This question is related to this one and also with another of my questions(see Addendum 2) and it asks for the coordinate-free description of the canonical 2-form $\omega$ defined in $T^*M$.

It is well-known that $\omega$ is (avoiding signs) the exterior derivative of the Liouville (also known as the tautological 1-form) $\theta$ defined as the section

$$ \theta:(p,\alpha)\in T^*M \longmapsto \theta_{(p,\alpha)}\in T^*_{(p,\alpha)}T^*M, $$

where $\theta_{(p,\alpha)}$ acts on vectors $X\in T_{(p,\alpha)}T^*M$ as

$$ \theta_{(p,\alpha)}(X)=\alpha\Big(T_{(p,\alpha)}\pi_{T^*M}X\Big), $$

being $T_{(p,\alpha)}\pi_{T^*M}$ the differential or tangent map of $\pi_{T^*M}:T^*M\rightarrow M$ at the point $(p,\alpha)$.

The problem of this description is that $\theta$ is defined pointwise, so we cannot apply the usual coordinate-free dexcription of the exterior derivative

$$ d\alpha(X,Y)=X(\alpha(Y)) - Y(\alpha(X)) - \alpha([X,Y]) $$

because our $\theta$ is not described in that way.

Thus my question is: How can I compute $\omega=d\theta$? The answer for the first question I have linked suggests it is necessary to extend the covectors (point 2 of the first considerations), altoguh I don't exactly how to do this. So I'm asking for the coordinate description of $\omega$ or also just for a reference where the above formula for $d$ has been satudied also pintwise, explianing the extensions and proivint the final result is independent of them.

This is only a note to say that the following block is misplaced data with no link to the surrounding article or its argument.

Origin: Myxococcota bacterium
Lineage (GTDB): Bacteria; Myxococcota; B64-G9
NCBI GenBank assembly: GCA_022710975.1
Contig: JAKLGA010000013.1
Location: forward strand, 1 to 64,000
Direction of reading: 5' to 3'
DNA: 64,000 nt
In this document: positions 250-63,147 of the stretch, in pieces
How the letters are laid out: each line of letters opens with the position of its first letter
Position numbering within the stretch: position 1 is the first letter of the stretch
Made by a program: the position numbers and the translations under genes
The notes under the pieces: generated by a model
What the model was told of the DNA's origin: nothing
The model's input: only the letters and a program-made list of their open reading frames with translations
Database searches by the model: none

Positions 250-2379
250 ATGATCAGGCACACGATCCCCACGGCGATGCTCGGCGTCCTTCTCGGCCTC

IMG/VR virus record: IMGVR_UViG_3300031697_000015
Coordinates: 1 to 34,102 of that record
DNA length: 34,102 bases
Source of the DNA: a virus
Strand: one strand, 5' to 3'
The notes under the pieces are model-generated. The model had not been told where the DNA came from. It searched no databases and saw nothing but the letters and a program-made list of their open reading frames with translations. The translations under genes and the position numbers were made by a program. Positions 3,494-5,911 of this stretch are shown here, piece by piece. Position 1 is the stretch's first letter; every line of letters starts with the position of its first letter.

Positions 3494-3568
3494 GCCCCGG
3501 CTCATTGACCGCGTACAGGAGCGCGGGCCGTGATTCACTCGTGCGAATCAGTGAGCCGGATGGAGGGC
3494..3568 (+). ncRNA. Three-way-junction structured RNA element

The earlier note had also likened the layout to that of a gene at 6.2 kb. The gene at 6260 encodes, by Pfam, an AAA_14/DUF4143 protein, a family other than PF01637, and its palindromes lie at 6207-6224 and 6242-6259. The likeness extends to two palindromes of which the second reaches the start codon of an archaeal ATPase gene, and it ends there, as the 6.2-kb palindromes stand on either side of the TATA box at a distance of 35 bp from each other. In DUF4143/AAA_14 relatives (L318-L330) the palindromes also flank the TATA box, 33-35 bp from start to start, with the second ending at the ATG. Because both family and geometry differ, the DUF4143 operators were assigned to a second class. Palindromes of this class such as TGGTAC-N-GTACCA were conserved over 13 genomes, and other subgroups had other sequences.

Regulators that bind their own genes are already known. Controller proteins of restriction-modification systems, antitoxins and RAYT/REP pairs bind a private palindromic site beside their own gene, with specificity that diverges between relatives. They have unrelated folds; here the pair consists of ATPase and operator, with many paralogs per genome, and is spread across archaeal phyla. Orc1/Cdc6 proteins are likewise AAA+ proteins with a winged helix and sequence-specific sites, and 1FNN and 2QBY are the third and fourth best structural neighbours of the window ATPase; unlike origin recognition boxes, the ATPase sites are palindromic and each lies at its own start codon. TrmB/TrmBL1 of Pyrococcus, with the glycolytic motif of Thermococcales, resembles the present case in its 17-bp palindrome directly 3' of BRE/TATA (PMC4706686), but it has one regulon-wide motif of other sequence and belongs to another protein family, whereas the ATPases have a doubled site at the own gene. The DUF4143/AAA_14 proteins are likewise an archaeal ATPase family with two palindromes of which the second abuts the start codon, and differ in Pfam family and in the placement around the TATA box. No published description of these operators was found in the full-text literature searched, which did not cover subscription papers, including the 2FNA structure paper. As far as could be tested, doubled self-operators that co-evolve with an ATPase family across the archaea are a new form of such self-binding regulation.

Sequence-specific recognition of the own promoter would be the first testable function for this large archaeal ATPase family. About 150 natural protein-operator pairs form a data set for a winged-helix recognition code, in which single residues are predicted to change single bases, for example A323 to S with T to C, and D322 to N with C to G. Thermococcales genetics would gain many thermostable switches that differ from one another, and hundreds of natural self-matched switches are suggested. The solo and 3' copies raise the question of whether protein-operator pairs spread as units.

Thanks in advance.


When I ask for a method to compute $d\theta$ I mean a coordinate-free way of computing the 2-form. I know the computation can be done considering local coordinates (Wiki has this computation for example) but I want a coordinate-free description.


2 Answers 2


I begin by giving my answer to your question, which will involve ad hoc elements. Afterwards, I reflect upon the question "how to compute $\omega = d\theta$ in a coordinate-free fashion?", as it appears to me to be a rather vague question and also a rather unfortunate requirement.

Let $p : T^*M \to M$ denote the canonical projection, $p' : T(T^*M) \to T^*M$ denote the canonical projection and $Tp = p_* : T(T^*M) \to TM$ denote the differential of $p$. Then for $X \in T(T^*M)$, $\theta(X) := \langle p'(X) , Tp(X) \rangle$ where $\langle - , - \rangle$ is the duality product between $T^*_mM$ and $T_mM$ for any $m \in M$.

Given any smooth function $f : N \to Q$ between manifolds and given a $p$-form $\alpha$ on $Q$, it is well-known that $f^*(d\alpha) = d(f^*\alpha)$. We are going to apply this fact to different choices of $f : N \to T^*M$ with $\alpha = \theta$.

Let's first prove that the fibers of $p$ are isotropic submanifolds of the 2-form $\omega = d\theta$. Given such a fiber $T^*_m M$, there is the inclusions $\iota : T^*_mM \subset T^*M$, hence $\iota^*\omega = d(\iota^*\theta)$. But for $Y \in T(T^*_mM)$, $$(\iota^*\theta)(Y) = \theta(\iota_* Y) = \langle p'(\iota_*Y), p_*\iota_* Y \rangle = \langle p'(\iota_*Y), 0 \rangle = 0,$$ hence $d(\iota^*\theta) = 0$.

Given a nonzero $X \in T_mM$, there exists $\beta \in T^*_mM$ such that $\beta(X) = -1$ Observe that $\beta$ can be extended into a 1-form defined in a neighborhood of $m$ (and in fact on the whole of $M$); this 1-form can be identified with a section $s_{\beta} : M \to T^*M$ of $p$. Given $\gamma \in T^*_mM$, there is an element of $T_{\gamma}T^*_mM$ which is rather canonically identified with $\beta$, which we will denote $Y$.